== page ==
Currell, E. The Mental Elf. Published online: 2 June 2016
This systematic review and meta-analysis set out to examine whether a history of childhood maltreatment in individuals with bipolar disorder was associated with an increased risk for negative clinical outcomes. Heterogeneity of findings across the literature was also explored.
Summary/ Clinical implications:
- A history of childhood maltreatment could be an early indicator of disorder progression, helping identify individuals who might be at risk of a more undesirable disorder course.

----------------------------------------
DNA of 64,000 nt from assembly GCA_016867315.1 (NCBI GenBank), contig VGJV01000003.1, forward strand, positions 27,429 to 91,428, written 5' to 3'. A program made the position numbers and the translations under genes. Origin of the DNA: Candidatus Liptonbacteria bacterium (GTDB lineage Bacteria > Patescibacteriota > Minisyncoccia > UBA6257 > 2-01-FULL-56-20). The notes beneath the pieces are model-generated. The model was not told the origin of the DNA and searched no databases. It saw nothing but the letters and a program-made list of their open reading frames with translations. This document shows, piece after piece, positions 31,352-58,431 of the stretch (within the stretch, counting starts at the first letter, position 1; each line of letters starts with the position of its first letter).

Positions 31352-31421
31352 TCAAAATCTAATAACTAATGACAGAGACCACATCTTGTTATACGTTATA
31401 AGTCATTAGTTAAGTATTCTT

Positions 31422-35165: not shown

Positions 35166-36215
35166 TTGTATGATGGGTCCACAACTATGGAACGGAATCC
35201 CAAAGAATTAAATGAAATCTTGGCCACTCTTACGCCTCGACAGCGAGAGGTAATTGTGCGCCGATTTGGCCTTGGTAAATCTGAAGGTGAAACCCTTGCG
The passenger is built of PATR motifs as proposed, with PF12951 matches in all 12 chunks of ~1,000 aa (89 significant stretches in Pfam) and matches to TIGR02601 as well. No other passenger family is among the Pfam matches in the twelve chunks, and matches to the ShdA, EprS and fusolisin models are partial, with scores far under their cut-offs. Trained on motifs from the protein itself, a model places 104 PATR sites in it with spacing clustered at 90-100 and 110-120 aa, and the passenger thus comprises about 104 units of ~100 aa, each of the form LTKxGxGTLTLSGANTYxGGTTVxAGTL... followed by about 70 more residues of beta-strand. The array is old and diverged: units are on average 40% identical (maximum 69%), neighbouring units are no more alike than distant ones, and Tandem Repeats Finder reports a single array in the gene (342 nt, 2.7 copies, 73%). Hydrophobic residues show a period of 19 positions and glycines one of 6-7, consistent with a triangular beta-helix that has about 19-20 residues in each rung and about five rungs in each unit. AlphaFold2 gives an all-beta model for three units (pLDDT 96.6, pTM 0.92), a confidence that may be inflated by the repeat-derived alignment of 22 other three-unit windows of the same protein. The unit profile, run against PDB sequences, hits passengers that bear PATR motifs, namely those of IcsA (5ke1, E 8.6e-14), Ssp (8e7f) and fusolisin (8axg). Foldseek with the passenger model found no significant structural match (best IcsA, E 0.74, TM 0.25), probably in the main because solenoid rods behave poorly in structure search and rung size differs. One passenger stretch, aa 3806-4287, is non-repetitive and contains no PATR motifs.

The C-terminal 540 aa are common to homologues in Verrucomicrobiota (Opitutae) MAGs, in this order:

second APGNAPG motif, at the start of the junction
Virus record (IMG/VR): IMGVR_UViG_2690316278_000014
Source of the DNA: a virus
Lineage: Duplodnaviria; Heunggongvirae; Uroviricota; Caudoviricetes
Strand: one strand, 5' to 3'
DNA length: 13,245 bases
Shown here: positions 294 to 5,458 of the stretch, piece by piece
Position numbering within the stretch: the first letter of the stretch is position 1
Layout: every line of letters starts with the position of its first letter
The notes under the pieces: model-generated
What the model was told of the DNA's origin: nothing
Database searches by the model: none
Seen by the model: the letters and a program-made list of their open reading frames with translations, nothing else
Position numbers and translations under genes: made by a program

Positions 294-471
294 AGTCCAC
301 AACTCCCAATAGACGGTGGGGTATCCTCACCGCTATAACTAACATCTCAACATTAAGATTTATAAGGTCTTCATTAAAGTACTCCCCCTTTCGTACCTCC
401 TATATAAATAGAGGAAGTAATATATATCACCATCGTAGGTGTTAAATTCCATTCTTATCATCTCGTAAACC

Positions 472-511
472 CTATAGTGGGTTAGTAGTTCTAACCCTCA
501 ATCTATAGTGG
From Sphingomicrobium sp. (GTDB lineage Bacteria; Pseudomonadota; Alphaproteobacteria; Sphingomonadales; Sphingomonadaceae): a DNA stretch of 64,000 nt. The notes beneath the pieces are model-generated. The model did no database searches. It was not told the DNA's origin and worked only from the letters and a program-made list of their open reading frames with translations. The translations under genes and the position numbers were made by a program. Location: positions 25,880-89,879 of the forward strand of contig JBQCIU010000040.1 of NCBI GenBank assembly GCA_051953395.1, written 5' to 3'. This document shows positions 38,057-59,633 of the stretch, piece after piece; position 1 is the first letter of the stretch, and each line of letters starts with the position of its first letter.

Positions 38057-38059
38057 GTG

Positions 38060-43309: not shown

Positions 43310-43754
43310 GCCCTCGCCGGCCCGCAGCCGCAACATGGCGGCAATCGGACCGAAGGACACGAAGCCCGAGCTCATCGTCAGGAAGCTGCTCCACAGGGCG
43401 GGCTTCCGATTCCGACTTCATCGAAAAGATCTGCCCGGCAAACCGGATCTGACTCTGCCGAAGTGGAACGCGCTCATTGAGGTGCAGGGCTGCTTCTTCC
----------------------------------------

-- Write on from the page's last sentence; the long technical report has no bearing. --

- Potential to stratify patients according to their risk for certain undesirable outcomes means treatment could be more targeted and specific.
- Results lead the authors to suggest that the use of established treatment processes, such as those used in major depression, may be appropriate, including pharmacological interventions that target biological vulnerabilities. Additionally, comorbidities with PTSD and anxiety disorders lead to implications of trauma and anxiety-based treatments to improve illness course.
- Clinicians may consider checking for childhood trauma in patients with bipolar disorder or in those with a more severe or unremitting course.
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